Jacob Takes Over at Verizon Digital Media Services

Longtime Verizon company vet Bob Toohey has stepped down as a president of the digital media arm of the company, Verizon Digital Media Services (VDMS), with VDMS’ chief revenue officer Ralf Jacob taking over the position, B&C has learned.

Toohey has been named executive VP for AOL, which Verizon acquired for $4.4 billion last year. He had been with Verizon since May of 2001, first as a VP of executive compensation and benefits, and worked his way up the ranks to president of VDMS in mid-2012.

Jacob, who joined Verizon in late 2013, after the company acquired cloud-based streaming media company upLynk, had been chief revenue officer since he came on board. Jacob previously spent time as a VP of digital media for Deluxe Digital Studios.

“Merging three companies in the time period of two years was almost unfathomable, considering that 75% of all proposed mergers fail,” Jacob said. “We’ve managed during that period to increase revenue 40% year over year.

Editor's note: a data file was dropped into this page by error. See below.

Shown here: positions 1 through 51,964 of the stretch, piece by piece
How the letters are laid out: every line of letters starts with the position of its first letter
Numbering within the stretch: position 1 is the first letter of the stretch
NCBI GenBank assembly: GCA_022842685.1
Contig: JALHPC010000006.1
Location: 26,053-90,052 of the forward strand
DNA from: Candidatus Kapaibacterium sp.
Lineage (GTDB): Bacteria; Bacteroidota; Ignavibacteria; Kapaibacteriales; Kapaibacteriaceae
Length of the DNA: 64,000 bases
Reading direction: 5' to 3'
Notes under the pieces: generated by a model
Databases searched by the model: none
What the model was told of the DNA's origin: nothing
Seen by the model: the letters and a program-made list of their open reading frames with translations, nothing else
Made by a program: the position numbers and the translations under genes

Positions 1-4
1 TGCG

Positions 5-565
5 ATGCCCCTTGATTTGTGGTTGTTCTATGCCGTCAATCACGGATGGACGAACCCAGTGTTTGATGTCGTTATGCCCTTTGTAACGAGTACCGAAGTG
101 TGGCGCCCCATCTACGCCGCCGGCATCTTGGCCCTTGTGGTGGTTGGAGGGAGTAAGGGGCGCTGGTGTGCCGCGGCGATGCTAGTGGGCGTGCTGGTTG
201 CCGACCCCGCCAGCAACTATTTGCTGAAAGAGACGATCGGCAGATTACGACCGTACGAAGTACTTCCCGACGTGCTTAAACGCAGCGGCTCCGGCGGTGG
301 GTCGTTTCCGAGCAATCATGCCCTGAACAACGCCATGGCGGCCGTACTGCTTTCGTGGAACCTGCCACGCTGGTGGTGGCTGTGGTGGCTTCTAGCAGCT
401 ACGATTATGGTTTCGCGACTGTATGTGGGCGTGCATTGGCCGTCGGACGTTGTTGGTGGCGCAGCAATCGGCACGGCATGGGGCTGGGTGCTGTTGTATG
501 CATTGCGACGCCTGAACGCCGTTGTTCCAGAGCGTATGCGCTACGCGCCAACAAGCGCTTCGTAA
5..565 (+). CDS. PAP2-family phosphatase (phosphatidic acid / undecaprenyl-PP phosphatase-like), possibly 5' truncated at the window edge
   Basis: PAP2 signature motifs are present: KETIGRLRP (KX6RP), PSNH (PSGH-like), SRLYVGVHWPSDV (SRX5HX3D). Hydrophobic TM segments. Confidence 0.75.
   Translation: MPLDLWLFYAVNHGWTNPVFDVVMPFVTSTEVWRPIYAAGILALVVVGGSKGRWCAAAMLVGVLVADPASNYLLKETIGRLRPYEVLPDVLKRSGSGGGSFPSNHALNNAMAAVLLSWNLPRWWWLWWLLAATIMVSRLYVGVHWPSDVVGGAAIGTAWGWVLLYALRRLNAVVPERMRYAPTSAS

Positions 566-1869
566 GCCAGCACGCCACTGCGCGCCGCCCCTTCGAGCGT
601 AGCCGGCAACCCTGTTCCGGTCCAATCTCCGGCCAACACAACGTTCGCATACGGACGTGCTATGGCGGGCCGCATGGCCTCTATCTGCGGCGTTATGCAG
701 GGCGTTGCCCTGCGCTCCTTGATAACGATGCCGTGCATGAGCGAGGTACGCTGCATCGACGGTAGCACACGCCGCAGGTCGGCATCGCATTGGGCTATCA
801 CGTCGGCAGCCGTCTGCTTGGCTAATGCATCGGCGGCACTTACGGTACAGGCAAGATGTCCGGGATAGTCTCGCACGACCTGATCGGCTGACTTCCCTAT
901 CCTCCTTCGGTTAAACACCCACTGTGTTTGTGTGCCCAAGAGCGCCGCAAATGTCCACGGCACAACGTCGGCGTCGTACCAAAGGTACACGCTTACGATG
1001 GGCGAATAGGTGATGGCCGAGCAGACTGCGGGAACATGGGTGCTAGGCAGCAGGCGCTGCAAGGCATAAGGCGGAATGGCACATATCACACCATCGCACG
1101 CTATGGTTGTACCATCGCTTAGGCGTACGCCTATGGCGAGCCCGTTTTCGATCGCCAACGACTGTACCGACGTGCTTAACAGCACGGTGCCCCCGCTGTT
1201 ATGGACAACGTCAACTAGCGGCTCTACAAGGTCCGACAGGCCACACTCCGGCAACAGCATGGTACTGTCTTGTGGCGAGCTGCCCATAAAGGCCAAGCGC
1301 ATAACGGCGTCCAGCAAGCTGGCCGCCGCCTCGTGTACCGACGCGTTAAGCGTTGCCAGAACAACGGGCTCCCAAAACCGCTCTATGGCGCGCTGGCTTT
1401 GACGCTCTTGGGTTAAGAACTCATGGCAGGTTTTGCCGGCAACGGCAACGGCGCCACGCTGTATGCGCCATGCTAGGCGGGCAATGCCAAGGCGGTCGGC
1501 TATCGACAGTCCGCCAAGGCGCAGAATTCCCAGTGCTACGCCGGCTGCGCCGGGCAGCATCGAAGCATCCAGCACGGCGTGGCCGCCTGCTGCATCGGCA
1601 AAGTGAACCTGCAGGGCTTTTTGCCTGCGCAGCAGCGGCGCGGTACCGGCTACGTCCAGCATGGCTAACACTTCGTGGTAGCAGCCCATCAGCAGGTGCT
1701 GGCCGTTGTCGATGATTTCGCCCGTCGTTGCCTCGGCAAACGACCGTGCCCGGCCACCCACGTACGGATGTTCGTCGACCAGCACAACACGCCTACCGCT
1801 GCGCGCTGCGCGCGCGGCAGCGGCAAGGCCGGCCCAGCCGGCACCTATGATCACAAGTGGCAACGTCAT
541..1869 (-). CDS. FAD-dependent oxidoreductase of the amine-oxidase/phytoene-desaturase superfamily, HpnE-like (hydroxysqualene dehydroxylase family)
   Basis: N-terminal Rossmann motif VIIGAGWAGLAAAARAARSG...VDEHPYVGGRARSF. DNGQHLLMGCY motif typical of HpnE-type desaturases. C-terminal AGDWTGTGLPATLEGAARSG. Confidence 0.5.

“Verizon corporate has looked at the trends and successes of VDMS, grabbing more and more market share, and said that with the acquisitions of Yahoo and AOL, it was time for Bob to take the helm of something else, and Bob said we needed someone who knows the industry and has the technical background and knowhow to step in and continue his legacy. That’s why I’m entering in.”

Verizon acquired Yahoo for $4.8 billion in July.

The change in leadership was announced internally at VDMS earlier this month, and since then, Jacob has been visiting town halls at various VDMS offices around the world, answering questions from the company’s employees.

“Everybody wanted to find out what I’m going to do differently,” Jacob said. He said increasing VDMS’ annual revenue growth, reinforcing VDMS’ end-to-end media supply chain image vs. the competition, and growing the company’s international foothold would be his top priorities.

“Particularly in Latin America, we’re going to see an incredible uptick in regards to OTT requirements,” he said. “Because these rural areas don’t have a lot of fiber in the ground, everything has to be done by cell connections. I did a market analysis for Latin America, looked at how much content is being consumed, some 53% of TV is consumed on mobile devices.

“People may not have a TV in their home, but they certainly have a phone that they watch. It’s surprising how that market ticked up over there.”